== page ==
Free Radical Reactions in Decomposition of Hydroperoxides

Formation of peroxyl or alkoxyl radical is the initial step during decomposition of hydroperoxides through free radicals. This reaction is reversible for peroxyl radicals and irreversible for alkoxyl reaction (Yin et al., 2011).

  • LOOH LOO+ H
  • LOOH LO+ O H

It relatively difficult to generate peroxyl and alkoxy radicals from hydro-peroxides. Rate of radical reaction is initiated by heat, light and catalyst species. The energy required to dissociate a LOO-H bond is 90 kcal/mol while for LO-OH bond is 44 kcal/mol (Yin et al., 2011). Hydrogen ion abstraction occurs with another radical then peroxyl radicals formed from hydroperoxides as shown is the below reaction:

  • LOOH + L LOO + LH

Bimolecular reaction decomposes hydroperoxides by forming peroxyl and aloxyl radical (Wardhani et al., 2013; Sun et al., 2011).

  • 2 LOOH LO+ LOO+ H2O

Trace metals play important role in the decomposition of hydro-peroxides, whereas activity of various metal ions also affected by various variables like pH, complexity of their ligands and solvents. Decomposition of hydro-peroxides through metals ion is high in speed than those of autocatalytic reactions (Waraho et al., 2011; Thanonkaew et al., 2006). Higher oxidation process by metal ions produce peroxyl radicals while with lower oxidation process metal ions produce alkoxy radicals (Min and Ahn, 2005; Yin et al., 2011).

  • LOOH + M(n+1)+ LOO+ H+ + Mn+

(peroxyl radicals)

  • LOOH + Mn+ LO+ OH- + M(n+1)+

(alkoxy radicals)

Conclusion

Lipid oxidation is one major cause of deterioration of the quality of stored food. This review deals with the mechanisms of lipid oxidation, as well as the interaction of lipid oxidation products with other food components. In order to prevent lipid oxidation in food the mechanisms of lipid oxidation should be comprehensively understood and in particular the control of free radical formation is very important because free radical is able to initiate free radical chain reactions. Iron and copper ions play very important role in lipid peroxidation and act as free radical which can directly and indirectly catalyze the initiation of lipid peroxidation by extracting hydrogen from lipid molecule. General chemistry of oxidation of lipids suggests that further efforts should be directed to a detailed understanding of the effects of this process in specific foods and food products. Codex Alimentarius provided some guidance that accepts levels of about 10 meq/kg of peroxides in fats and oils for edible purpose, based on establishment of acceptable limits of oxidation criteria of wholesomeness, nutritional and safety values. Possible targets for future research are:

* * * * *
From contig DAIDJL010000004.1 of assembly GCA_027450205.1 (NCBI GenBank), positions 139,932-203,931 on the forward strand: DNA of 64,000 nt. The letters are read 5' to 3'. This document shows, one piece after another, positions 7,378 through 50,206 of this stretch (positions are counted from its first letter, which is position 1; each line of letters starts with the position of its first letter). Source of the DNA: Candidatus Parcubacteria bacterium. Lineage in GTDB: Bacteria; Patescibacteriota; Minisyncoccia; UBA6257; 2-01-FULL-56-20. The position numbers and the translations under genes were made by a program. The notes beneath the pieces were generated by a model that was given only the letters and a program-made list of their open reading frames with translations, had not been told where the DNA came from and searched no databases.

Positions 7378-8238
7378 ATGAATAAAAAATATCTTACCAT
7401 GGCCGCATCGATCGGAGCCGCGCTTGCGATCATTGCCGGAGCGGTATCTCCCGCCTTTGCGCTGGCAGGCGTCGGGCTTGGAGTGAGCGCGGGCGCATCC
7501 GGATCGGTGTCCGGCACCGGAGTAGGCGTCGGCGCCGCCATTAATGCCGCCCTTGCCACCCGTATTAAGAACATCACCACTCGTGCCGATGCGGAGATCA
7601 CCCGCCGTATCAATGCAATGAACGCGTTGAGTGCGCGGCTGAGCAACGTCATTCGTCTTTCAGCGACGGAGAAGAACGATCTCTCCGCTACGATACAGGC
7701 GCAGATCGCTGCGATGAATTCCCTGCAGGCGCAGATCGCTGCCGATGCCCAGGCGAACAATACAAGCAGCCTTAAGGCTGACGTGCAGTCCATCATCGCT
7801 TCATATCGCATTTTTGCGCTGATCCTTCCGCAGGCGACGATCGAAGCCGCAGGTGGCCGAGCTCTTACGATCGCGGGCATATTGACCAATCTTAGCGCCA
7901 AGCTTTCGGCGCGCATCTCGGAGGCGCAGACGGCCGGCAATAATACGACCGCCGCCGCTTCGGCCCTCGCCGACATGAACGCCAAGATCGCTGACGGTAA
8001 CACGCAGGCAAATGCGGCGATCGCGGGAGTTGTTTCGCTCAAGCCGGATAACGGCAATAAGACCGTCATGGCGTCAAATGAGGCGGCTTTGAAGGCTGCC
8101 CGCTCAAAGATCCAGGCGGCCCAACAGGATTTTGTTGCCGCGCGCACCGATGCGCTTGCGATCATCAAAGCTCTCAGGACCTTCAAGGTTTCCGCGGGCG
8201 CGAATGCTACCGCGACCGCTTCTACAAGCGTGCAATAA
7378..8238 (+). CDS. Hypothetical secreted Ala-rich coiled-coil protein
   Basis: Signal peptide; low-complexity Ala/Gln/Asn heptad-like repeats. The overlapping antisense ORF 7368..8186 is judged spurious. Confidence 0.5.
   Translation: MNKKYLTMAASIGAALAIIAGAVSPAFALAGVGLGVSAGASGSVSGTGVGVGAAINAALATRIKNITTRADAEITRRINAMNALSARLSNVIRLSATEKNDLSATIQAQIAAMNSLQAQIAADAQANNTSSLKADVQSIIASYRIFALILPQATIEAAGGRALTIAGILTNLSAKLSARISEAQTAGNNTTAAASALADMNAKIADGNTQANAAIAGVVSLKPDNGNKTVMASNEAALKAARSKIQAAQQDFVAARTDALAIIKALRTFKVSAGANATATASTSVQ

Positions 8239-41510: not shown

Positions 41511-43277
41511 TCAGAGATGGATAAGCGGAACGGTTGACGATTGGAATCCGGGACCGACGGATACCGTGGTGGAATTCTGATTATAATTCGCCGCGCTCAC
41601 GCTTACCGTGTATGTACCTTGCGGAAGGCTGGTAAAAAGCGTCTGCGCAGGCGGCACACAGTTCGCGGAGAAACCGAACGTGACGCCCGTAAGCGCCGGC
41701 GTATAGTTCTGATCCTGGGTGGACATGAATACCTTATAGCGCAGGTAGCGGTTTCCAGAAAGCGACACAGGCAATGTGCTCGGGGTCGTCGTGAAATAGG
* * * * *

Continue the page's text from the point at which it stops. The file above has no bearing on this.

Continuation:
1. i) Elucidation of the initiation step of oxidation in specific foods and possibilities and mechanisms of inhibition.
  2. ii) Standardization and development of set of analytical procedures for evaluating the level of lipid oxidation in foods and completely decay the level of oxidation and isolation of oxidized lipids in individual foods under conditions that protect from breakdown of the unstable and formation of new products.
  3. iii) Study of methods to identify the oxidation products from lipids, lipid extraction and analysis of the synergistic effects of per-oxidizing lipids and adjoining food constituents.
  4. iv) Investigation of the content of antioxidant such as tocopherol, butylated hydroxytoluene and oxidized products from antioxidants such as tocopherol quinone or free radical.

Acknowledgments

The financial support of Higher Education Commission (HEC), Pakistan is gratefully acknowledged.

Authors’ Contribution

This review article is a part of Ph.D. thesis of Mukhtiar Ahmed. Dr. Muhammad Jahangir was the research supervisor. Muhammad Liaquat, Taufiq ahmad, Jana Pickova and Abid Farid contributed during writing up and correction of manuscript.

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Sarhad Journal of Agriculture

December

Vol. 35, Iss. 4, Pages 1020-1356